Research Highlights

Research Highlights
Soybean Pests in North Dakota Can Be Elusive: Be Prepared (Part 2 of 2)

Larvae of soybean gall midge. Photo: J. McMechan, UN-L

Soybean Gall Midge May Be in North Dakota

By Carol Brown

The soybean gall midge was first documented in Nebraska in 2011 and described as a new species in 2018. This pest has since been found in Missouri, Iowa, Minnesota, and South Dakota.  North Dakota State University Professor and Extension Entomologist Janet Knodel has been checking for its presence in the state for several years and has come up empty so far. But the soybean gall midge might have finally reached North Dakota.

“My postdoctoral scientist Veronica Calles-Torrez, the IPM crop scouts, and I started surveying North Dakota soybean fields for soybean gall midge infestations in 2019, and people kept saying that we must have it,” she says. “Through the IPM Crop Survey since 2020, we have kept increasing the number of fields scouted.”

Knodel is part of a multi-state project to survey for this pest, funded by the North Central Soybean Research Program and the North Dakota Soybean Council. She also leads the NDSU Extension IPM Crop Survey and is part of another NCSRP project exploring insecticide resistance in soybean aphids, the focus of Part 1 in this series

North Dakota was in a drought during 2020 and 2021, which doesn’t favor the biology of most gall midges. They prefer moist soils for survival, so Knodel and her team weren’t surprised when they didn’t see midges in those years. However, 2022 may prove to be different as drought conditions have ended in most of the state. 

“In mid-August, Brandon Schulzetenberg, a Centrol crop consultant, alerted us to a possible soybean gall midge infestation in a soybean field near Gwinner in Sargent County,” says Knodel. “After looking at the pictures he sent of larvae in the stem lesion (Figure 1), and the lack of white mold infection in the field, we quickly visited the site.”

Figure 1. Soybean stem infested with “suspect” soybean gall midge larvae from Sargent County, North Dakota. Photo: B. Schulzetenberg, Centrol Crop Consulting

After more than eight hours of scouting, they finally found at a field’s edge one stem with a lesion that had about 10 tiny, white to orange-reddish larvae. The lesion was located mid-plant, which suggests this was the second generation of soybean gall midge. Knodel noted that the infestation was obviously very low due to the difficulties in finding one midge-infested stem. 

The team collected the larvae and sent them to Justin McMechan’s entomology laboratory at the University of Nebraska to determine with DNA testing whether they are a match for soybean gall midge or white mold gall midge. The DNA test results indicated a 89-92% match for soybean gall midge, which is too low for a 100% positive identification. However, the DNA test for white mold gall midge was 100% negative, and white mold was not present in the field where the larvae were found, allowing them to rule out this species.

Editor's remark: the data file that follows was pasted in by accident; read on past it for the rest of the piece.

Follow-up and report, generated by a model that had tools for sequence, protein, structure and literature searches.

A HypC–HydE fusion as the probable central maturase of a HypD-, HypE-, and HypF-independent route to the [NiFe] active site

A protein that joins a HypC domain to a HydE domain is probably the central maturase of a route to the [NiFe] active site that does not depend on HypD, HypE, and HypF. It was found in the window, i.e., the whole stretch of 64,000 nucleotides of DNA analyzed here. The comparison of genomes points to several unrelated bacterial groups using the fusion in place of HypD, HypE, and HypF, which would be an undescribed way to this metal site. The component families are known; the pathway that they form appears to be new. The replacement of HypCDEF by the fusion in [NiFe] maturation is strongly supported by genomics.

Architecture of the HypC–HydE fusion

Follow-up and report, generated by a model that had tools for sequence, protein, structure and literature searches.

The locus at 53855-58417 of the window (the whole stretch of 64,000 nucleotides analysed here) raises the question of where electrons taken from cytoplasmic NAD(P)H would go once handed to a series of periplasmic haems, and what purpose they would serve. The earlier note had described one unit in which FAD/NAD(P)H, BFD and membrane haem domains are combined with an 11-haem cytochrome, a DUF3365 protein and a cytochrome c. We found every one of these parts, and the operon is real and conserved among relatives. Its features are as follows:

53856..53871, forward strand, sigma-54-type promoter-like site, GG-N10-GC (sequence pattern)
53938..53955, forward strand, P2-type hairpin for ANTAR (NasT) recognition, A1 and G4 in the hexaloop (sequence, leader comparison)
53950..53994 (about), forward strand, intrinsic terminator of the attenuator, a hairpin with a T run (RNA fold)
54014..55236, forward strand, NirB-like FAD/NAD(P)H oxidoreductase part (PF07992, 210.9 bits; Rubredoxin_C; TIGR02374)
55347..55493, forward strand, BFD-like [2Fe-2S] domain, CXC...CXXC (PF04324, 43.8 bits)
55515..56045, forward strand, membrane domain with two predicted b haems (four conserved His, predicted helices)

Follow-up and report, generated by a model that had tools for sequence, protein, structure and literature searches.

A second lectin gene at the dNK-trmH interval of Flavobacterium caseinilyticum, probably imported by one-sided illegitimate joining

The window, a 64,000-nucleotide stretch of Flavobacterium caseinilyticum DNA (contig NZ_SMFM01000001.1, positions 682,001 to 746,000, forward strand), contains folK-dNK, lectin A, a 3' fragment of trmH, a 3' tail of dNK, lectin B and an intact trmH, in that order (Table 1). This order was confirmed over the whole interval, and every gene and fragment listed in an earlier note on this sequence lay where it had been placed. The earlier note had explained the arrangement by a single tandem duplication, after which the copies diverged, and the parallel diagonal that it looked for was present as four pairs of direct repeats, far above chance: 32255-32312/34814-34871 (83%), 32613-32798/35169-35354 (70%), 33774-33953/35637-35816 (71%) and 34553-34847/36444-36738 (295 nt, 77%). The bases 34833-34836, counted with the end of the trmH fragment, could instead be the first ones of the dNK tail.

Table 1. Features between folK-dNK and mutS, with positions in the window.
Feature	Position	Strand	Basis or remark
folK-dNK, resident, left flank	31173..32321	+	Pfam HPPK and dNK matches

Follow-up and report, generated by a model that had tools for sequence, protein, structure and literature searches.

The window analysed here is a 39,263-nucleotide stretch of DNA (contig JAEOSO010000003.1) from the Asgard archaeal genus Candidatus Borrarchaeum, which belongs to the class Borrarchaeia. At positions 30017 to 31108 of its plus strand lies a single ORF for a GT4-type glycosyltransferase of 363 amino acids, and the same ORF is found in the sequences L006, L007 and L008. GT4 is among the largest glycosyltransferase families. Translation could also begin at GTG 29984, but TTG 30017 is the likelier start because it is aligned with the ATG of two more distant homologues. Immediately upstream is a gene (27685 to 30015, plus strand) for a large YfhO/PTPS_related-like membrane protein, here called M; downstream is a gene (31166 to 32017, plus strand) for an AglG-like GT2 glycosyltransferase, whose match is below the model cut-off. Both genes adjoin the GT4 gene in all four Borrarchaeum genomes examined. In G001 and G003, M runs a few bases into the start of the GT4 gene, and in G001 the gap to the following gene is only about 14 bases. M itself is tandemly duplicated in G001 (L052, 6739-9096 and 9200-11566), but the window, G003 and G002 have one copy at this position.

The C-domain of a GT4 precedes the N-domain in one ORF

“We believe this will be the first positive identification for soybean gall midge in North Dakota, however we will need to continue surveying and collecting more larvae in 2023 to confirm its presence,” says Knodel. “NDSU Extension Entomology has been quite proactive in surveying for soybean gall midge due to support from the North Dakota Soybean Council and the NCSRP.”

White Mold Gall Midge Resemblance

“There are complications with scouting for the soybean gall midge, as it is easily mistaken for a beneficial look-a-like,” Knodel says. “Present in North Dakota, the white mold gall midge feeds on Sclerotinia sclerotiorum, the fungus that causes white mold in soybeans, and these two midges, especially the larval stage, can be easily confused.” 

Both midges have white to orange-colored larvae, and adult midges are small and similar in appearance. Knodel says the white mold gall midge is found in North Dakota and other states on crops such as dry beans and sunflower, which also can be infected with white mold. To help identify the white mold gall midge, she authored a fact sheet that shows comparisons between the two midge species.

Because of the similarity between the two midge species, any larvae or midge suspect of being a soybean gall midge that Knodel and the IPM crop scouts find is sent to McMechan’s lab for positive identification. They have been exceptionally thorough in their scouting for this new pest. The team surveyed a total of 78 fields in 11 counties in 2019, 605 fields in 47 counties in 2020, and 588 fields in 48 counties in 2021. In 2022, they surveyed 435 soybean fields in 45 counties for soybean gall midge, all of which were negative — except for one field in Sargent County. 

The possible positive identification of soybean gall midge in North Dakota is not the best news farmers could receive. But Knodel and the IPM crop scouts will have even more heightened awareness now if the results are positive for the new pest. With drought conditions ending in most of the state, she and her team will keep a diligent watch and offer help for farmers with managing this pest.

Additional Resources:

SRIN information page:

Soybean Gall Midge Alert Network website

Published: Feb 13, 2023

The materials on SRIN were funded with checkoff dollars from United Soybean Board and the North Central Soybean Research Program. To find checkoff funded research related to this research highlight or to see other checkoff research projects, please visit the National Soybean Checkoff Research Database.